By: Kate Flannery, CVN Communications Intern
I stepped off the metro surprised at how quickly it was all happening. Only two stops away? I had only been on the screeching metal contraption for less than ten minutes. It happened again on the walk over. Only two blocks away? But there it stood, the single “skyscraper” of Takoma Park that would house my new office and become a very familiar sight over the days. An elevator ride up. A quick walk down the hall. Suite #820. Home of Catholic Volunteer Network.
To say I always planned on being here would be a lie. To say I even had my eye on the east coast would only delude you further. Unlike my many pencil skirted, cardigan and cute flat wearing new comrades here, I did not grow up thinking, planning or knowing that I wanted to live in Washington, D.C.
Throughout senior year in college, everyone seems preoccupied with getting a job and sounding calm and collected when asked “what are you doing after graduation?” We envision taking a sip of a mature adult beverage, looking back at the questioner with confidence and then unveiling our world-changing or money-making plans and leaving them speechless with awe. Yet by early May I was still “unemployed.”
I was surprisingly calm, having decided early on not to be overwhelmed by “societal pressure” or by the “what are you doing after graduation?” question. I would not be another chicken running around with her head cut off. I would not have a meltdown. I was not worried about the “perfect” job and piles of cash. But I was interested in doing something honorable, fulfilling and nourishing. I still wanted to grow. If a job opportunity didn’t immediately present itself, I decided I wanted to give back to my community in a way in which my college education might not be directly applied: a year of service.
Wheels began to turn. A conversation with Theresa Ladrigan-Whelpley at SCU’s Ignatian Center led me to Catholic Volunteer Network’s RESPONSE book. I remember sitting in Campus Ministry for over an hour as opportunity after opportunity flew past me with every turn of the page. I sat quietly searching and then rushed off to class, my head buzzing from the swarm of new information. Applications began to be filled, recommendations were requested and resumes sent.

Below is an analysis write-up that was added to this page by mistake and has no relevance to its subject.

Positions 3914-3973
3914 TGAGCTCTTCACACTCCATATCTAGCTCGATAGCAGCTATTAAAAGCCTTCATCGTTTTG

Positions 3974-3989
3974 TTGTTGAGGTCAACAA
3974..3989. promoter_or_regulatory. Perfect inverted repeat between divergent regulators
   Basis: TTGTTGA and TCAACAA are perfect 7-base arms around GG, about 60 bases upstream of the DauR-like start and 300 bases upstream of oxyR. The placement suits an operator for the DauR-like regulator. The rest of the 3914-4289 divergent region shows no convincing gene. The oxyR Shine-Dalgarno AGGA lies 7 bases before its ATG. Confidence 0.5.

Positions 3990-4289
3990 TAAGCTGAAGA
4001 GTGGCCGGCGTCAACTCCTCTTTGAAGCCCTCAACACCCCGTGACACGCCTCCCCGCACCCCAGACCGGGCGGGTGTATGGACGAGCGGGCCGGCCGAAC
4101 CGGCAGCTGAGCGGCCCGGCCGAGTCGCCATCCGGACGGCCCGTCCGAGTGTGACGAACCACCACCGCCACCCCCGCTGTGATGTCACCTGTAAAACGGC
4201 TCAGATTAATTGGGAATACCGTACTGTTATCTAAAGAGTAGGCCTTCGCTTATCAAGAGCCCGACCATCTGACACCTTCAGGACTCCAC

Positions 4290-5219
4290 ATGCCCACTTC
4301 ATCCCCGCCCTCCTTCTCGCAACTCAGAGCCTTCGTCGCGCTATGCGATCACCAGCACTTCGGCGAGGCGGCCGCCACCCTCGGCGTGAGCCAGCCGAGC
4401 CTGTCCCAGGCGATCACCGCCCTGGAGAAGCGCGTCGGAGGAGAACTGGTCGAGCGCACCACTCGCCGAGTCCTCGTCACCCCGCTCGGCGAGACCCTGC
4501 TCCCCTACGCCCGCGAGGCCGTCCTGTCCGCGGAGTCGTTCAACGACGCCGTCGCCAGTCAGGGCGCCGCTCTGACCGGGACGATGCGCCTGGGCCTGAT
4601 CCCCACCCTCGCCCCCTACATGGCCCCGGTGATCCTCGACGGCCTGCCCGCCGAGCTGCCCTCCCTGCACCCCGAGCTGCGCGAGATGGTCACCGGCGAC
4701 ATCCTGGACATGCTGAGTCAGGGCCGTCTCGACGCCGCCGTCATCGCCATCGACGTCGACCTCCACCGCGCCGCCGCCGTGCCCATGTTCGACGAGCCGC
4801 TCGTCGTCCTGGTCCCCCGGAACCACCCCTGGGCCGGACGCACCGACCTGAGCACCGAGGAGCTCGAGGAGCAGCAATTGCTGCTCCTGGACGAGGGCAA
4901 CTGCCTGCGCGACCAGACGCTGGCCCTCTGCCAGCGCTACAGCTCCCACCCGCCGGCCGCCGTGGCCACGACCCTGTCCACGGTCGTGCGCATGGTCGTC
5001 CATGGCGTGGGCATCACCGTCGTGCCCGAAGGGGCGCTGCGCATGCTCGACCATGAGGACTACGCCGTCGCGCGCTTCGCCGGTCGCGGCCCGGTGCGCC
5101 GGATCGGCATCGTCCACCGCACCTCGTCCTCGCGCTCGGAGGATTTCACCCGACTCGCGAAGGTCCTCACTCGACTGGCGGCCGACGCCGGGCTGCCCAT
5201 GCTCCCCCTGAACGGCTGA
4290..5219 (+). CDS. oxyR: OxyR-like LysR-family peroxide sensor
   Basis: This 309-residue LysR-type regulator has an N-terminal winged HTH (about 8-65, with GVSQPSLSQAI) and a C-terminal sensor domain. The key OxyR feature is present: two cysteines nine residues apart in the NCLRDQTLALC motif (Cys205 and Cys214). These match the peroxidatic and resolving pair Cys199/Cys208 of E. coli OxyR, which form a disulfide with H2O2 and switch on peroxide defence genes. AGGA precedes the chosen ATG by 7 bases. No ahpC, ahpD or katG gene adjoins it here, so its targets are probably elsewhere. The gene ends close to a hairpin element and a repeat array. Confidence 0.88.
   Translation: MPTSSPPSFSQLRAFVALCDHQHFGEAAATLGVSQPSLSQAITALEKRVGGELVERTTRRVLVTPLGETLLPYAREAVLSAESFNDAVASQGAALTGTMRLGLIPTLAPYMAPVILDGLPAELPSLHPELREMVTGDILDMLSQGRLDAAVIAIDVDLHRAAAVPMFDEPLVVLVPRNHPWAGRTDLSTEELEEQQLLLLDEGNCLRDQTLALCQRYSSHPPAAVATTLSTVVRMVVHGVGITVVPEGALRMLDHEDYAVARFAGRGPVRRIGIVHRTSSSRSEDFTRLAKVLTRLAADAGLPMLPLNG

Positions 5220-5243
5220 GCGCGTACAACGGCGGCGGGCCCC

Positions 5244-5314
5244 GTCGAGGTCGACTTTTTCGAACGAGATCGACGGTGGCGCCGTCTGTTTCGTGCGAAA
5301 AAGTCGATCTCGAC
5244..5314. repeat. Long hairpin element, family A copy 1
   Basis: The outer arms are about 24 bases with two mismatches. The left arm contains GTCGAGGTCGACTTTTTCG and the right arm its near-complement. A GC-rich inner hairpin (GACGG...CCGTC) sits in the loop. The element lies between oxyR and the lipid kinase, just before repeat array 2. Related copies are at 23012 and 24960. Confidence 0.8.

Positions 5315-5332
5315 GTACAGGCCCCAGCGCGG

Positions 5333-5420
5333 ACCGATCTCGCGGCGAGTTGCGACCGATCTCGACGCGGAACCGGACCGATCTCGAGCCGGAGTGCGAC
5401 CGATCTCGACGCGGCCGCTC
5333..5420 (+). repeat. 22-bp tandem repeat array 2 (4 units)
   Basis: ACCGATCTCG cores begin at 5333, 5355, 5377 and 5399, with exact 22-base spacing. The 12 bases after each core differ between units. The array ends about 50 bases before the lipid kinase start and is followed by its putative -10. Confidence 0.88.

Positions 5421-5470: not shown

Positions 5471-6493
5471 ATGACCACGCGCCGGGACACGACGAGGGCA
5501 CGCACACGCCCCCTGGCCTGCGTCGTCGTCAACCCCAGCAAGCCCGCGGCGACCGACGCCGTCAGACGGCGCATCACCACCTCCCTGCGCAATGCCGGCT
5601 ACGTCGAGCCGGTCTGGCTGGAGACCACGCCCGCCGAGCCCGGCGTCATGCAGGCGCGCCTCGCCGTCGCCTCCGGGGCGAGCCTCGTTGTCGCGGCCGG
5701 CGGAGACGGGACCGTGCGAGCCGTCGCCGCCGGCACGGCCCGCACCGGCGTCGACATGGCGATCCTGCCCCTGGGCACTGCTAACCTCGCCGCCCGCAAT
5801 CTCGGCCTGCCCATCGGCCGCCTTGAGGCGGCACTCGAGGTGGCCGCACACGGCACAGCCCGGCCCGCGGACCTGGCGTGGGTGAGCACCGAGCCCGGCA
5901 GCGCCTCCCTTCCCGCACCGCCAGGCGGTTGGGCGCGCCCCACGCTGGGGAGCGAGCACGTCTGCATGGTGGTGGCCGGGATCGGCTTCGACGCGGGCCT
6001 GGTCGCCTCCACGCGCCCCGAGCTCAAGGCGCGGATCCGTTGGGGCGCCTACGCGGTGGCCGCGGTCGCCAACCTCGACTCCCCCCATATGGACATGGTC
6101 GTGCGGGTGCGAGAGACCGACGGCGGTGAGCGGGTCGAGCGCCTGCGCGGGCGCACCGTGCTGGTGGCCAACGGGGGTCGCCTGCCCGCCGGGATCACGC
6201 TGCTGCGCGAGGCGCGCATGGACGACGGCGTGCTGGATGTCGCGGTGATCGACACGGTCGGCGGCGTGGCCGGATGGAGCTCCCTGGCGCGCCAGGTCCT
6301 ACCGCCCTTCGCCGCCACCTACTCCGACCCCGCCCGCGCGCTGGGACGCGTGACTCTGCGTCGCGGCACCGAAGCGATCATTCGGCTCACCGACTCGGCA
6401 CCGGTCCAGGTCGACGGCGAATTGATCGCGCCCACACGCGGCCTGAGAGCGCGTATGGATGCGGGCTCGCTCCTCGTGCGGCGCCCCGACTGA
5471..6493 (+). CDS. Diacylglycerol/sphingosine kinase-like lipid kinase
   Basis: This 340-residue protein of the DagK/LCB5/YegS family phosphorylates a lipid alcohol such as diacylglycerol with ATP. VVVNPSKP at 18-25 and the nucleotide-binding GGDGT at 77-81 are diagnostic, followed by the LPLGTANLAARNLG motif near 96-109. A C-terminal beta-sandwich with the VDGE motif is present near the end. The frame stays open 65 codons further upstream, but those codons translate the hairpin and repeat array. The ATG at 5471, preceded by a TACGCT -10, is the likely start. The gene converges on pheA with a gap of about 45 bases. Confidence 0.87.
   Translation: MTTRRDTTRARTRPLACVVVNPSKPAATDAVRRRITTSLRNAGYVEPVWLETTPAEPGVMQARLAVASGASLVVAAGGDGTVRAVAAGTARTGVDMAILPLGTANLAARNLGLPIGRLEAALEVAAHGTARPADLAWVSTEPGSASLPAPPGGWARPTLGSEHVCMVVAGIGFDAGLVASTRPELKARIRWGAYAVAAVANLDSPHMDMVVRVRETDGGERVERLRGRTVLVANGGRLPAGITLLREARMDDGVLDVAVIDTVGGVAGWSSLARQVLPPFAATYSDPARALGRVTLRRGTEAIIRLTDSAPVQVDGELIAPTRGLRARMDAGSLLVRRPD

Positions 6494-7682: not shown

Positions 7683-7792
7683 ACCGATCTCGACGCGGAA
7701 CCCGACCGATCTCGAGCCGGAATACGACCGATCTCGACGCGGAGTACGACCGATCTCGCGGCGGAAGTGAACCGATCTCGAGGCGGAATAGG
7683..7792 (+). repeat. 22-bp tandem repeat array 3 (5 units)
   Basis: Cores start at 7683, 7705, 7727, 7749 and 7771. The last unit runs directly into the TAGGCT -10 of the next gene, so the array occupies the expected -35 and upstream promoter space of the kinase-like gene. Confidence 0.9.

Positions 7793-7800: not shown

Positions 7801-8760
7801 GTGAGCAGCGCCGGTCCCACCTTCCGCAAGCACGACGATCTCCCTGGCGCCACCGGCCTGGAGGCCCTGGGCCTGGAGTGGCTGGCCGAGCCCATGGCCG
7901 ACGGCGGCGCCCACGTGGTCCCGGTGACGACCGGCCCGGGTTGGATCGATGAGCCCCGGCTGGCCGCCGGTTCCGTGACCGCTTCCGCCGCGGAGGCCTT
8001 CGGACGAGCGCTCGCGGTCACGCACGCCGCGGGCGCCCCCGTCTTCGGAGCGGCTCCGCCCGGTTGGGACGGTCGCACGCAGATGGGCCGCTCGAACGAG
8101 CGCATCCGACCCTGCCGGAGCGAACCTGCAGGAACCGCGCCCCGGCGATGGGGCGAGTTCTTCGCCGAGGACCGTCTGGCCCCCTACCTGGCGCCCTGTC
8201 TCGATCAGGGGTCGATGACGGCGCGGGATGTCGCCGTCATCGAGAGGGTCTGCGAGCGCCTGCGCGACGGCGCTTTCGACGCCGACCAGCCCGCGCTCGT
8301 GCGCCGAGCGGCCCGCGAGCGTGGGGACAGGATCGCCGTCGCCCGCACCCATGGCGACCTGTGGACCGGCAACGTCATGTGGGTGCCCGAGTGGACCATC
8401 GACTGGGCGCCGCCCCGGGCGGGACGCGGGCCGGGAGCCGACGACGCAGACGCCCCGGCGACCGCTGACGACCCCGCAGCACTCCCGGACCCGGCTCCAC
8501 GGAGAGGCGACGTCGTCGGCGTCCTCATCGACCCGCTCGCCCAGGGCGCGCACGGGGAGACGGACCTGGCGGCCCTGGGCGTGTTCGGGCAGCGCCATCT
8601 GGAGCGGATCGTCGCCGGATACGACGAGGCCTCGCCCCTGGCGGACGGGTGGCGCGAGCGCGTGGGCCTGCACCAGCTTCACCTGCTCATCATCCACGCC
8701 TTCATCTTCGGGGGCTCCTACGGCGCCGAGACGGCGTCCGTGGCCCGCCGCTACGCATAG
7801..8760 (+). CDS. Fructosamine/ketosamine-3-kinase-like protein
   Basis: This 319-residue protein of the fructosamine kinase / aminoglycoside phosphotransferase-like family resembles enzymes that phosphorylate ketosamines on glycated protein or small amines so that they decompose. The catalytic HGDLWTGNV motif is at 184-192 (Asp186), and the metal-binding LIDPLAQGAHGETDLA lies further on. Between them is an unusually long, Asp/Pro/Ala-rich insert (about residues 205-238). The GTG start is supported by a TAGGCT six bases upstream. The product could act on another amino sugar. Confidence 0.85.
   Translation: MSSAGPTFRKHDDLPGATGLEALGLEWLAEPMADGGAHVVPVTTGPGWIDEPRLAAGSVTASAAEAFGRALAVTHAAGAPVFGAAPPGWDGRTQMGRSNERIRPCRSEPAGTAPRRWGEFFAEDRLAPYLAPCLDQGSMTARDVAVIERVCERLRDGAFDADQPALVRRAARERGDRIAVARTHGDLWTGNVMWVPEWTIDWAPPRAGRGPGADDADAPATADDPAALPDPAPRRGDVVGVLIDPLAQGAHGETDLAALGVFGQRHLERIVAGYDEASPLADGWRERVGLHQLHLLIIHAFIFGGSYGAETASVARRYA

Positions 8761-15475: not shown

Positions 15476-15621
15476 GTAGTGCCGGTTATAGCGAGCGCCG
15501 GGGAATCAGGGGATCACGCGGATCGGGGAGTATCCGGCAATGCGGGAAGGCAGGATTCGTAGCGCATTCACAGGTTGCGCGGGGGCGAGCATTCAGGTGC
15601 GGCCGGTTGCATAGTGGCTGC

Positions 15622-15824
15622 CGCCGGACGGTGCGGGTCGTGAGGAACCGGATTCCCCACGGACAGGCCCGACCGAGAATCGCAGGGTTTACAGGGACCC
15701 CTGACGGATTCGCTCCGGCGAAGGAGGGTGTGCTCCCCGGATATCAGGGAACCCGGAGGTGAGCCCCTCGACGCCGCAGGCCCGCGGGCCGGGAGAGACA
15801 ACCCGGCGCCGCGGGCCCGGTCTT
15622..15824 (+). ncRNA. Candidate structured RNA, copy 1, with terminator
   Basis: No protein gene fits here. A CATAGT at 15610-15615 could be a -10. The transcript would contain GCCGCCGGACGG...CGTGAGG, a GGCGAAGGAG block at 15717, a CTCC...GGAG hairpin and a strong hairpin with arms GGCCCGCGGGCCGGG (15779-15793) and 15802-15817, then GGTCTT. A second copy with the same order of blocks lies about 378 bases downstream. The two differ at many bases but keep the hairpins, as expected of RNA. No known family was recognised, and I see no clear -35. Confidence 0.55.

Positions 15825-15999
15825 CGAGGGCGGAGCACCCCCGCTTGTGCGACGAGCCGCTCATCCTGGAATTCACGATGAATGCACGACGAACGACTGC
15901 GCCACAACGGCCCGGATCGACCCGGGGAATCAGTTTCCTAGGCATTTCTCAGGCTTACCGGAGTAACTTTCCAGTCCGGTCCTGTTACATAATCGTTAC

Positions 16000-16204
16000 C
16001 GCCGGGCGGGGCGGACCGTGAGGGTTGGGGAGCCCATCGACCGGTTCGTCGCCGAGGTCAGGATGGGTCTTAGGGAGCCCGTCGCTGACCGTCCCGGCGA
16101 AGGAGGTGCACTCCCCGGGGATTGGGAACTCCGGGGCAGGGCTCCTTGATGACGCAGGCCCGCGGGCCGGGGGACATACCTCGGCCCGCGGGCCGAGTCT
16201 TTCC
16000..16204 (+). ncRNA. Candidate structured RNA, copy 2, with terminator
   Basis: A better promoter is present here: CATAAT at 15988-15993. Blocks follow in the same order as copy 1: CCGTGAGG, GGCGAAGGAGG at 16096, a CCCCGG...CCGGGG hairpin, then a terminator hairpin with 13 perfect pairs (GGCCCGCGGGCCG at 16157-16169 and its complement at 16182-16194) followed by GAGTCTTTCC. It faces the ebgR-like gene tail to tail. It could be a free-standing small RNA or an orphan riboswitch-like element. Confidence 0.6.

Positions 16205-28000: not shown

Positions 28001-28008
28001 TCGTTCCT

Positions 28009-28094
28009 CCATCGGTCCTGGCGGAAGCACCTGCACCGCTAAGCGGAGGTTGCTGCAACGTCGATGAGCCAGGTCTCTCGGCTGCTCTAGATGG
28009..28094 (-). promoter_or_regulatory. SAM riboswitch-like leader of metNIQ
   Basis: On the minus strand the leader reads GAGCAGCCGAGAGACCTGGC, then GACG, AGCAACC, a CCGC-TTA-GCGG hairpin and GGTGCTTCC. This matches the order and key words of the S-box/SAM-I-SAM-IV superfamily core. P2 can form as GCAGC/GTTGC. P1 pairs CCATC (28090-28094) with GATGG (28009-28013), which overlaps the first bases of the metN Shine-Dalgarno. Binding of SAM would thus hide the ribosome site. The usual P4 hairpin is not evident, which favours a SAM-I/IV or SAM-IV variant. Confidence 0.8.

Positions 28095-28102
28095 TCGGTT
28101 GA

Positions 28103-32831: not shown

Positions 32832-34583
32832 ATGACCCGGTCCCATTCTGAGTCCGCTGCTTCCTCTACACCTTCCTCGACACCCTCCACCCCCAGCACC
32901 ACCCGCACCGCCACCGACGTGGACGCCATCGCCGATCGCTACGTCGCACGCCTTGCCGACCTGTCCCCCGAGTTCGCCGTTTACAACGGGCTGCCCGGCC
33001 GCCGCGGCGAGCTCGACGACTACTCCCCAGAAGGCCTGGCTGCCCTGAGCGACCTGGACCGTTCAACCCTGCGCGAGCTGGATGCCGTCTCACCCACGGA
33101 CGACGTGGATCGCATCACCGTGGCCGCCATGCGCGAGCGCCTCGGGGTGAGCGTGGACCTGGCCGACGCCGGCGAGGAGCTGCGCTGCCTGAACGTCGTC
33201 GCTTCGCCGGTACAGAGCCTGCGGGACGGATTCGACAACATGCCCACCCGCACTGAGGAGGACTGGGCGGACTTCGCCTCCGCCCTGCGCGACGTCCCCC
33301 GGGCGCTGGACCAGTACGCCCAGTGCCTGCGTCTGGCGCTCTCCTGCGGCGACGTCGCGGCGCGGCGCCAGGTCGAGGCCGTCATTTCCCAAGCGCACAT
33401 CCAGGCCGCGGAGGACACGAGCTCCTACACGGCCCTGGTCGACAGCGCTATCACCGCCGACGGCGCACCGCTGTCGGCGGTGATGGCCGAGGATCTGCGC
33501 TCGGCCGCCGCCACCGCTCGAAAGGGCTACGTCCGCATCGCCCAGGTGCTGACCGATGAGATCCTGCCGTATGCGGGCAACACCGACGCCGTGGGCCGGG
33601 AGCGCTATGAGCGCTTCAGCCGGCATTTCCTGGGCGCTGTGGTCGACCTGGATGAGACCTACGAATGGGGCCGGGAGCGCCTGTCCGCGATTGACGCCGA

Around the same time, I landed a spring internship with Catholic News Service (CNS). I was a Communications major with an emphasis in journalism, touting an English minor, buried deep in a final feature story, in love with writing and with my Catholic faith. An internship in which I could combine the two seemed like a mirage in the desert of job opportunities…or lack thereof. I flew to the nation’s capital for an orientation weekend.
“What are your plans after graduation?” the CNS team asked me warmly. I took a deep breath. “I’ll be traveling a lot this summer. But afterwards, I’m thinking about doing a year of service through the Catholic Volunteer Network,” I responded. “That’s great. You know the organization is looking for some help with Communications right now, right?”
An e-mail. Another resume. An interview. A conversation. A job.
And this is why if I were to say that this had all been part of plan, that I had known I wanted to be on the east coast, wearing my own take of the pencil skirt, cardigan and cute flat uniform, riding a screeching metal contraption and stepping “coolly” into the single “skyscraper” of Takoma would just be a lie. But I’ve found that it’s when we surrender to God, when we follow the example of Mary and say “let it be done according to your will,” and when we join Jesus in the garden of Gethsemane and say “your will, not mine,” God has a funny way of taking His will and your will and making them one.